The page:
Inequality, Life Expectancy, and the Intragenerational Redistribution Puzzle - Some Experimental Evidence
Christine Meemann and
No 9677, CESifo Working Paper Series from CESifo
In most OECD countries, pension reform policy has decreased the level of intragenerational redistribution over the last three decades, that is, redistribution among members of the same generation with high and low pension entitlements. This trend has occurred despite heterogeneity in life expectancy linked to socioeconomic status having a regressive impact on out-comes. This paper contributes to solving this puzzle by means of a controlled laboratory experiment. We study the causal relationship between inequality of entitlements, mortality risk, and the size of redistribution in a stylized social security system. We ﬁnd that mortality risk, when negatively correlated with entitlements, signiﬁcantly lowers subjects’ willingness to redistribute payoﬀs from high-entitlement to low-entitlement subjects. We explain this ﬁnding with eﬃciency preferences and an alienation eﬀect. The alienation eﬀect is the tendency to attach a lower social weight to the short-lived poor.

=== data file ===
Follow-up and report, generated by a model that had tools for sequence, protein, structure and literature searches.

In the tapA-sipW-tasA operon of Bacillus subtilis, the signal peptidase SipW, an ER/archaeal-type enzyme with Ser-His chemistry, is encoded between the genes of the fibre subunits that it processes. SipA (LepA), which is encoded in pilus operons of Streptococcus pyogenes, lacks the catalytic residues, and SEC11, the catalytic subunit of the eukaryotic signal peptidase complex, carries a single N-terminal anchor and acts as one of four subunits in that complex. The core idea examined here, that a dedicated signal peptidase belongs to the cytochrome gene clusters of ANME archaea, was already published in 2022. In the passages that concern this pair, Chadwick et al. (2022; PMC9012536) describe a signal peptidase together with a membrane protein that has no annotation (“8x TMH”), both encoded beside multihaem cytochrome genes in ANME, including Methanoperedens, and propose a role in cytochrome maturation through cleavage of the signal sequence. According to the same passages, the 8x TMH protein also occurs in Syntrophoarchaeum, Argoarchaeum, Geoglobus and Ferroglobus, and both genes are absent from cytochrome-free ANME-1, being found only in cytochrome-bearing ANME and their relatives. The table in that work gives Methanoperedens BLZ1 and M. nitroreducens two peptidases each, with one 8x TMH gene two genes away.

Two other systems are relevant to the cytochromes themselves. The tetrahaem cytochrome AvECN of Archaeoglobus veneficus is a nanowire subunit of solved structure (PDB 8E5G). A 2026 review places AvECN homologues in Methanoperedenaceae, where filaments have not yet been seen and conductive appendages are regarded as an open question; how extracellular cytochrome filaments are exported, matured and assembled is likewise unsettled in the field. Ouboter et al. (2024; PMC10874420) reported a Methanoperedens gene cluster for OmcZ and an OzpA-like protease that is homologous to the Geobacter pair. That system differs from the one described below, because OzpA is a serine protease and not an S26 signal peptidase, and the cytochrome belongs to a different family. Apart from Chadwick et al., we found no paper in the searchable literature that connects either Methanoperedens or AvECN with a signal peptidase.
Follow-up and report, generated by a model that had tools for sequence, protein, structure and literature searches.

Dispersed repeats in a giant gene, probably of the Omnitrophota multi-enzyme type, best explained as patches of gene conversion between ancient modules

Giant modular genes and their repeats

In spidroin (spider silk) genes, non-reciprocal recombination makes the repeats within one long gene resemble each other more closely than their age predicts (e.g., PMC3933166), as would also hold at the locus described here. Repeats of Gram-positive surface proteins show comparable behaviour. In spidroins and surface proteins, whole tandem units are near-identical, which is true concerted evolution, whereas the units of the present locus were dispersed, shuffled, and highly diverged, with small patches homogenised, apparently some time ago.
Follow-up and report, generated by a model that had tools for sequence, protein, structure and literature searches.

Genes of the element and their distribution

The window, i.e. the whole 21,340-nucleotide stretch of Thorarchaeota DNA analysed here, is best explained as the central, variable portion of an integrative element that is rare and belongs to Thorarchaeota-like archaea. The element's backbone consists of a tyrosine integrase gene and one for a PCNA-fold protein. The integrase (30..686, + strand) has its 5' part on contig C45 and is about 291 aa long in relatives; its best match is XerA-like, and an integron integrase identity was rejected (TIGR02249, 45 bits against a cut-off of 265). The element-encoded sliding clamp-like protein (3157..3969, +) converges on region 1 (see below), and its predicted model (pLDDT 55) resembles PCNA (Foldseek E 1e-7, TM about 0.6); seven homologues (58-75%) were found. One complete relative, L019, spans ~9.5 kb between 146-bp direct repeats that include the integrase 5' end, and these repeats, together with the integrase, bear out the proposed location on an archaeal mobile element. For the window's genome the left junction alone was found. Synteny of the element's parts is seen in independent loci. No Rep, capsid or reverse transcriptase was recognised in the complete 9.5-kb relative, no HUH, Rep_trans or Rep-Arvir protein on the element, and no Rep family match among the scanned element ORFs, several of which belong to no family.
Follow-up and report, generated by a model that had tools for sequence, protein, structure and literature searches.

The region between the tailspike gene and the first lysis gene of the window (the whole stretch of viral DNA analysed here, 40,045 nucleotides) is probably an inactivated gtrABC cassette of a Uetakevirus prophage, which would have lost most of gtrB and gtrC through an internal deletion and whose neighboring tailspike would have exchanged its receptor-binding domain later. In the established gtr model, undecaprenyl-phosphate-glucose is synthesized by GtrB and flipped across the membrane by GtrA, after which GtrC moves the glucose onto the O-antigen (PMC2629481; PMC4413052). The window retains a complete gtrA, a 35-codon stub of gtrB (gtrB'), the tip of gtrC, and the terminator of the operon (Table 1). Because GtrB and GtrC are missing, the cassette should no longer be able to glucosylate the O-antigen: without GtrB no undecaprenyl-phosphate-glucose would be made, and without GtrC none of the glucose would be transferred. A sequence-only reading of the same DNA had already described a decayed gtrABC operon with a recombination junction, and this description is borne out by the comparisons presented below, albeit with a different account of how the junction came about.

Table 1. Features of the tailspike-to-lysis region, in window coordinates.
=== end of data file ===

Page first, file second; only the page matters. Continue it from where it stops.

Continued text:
Keywords: inequality; life expectancy; risk; redistribution; pension reform; efficiency preferences; alienation effect experiment (search for similar items in EconPapers)
JEL-codes: D63 D81 H55 I14 (search for similar items in EconPapers)
New Economics Papers: this item is included in nep-age, nep-dem and nep-exp
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Working Paper: Inequality, life expectancy, and the intragenerational redistribution puzzle: Some experimental evidence (2022)
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Persistent link: https://EconPapers.repec.org/RePEc:ces:ceswps:_9677
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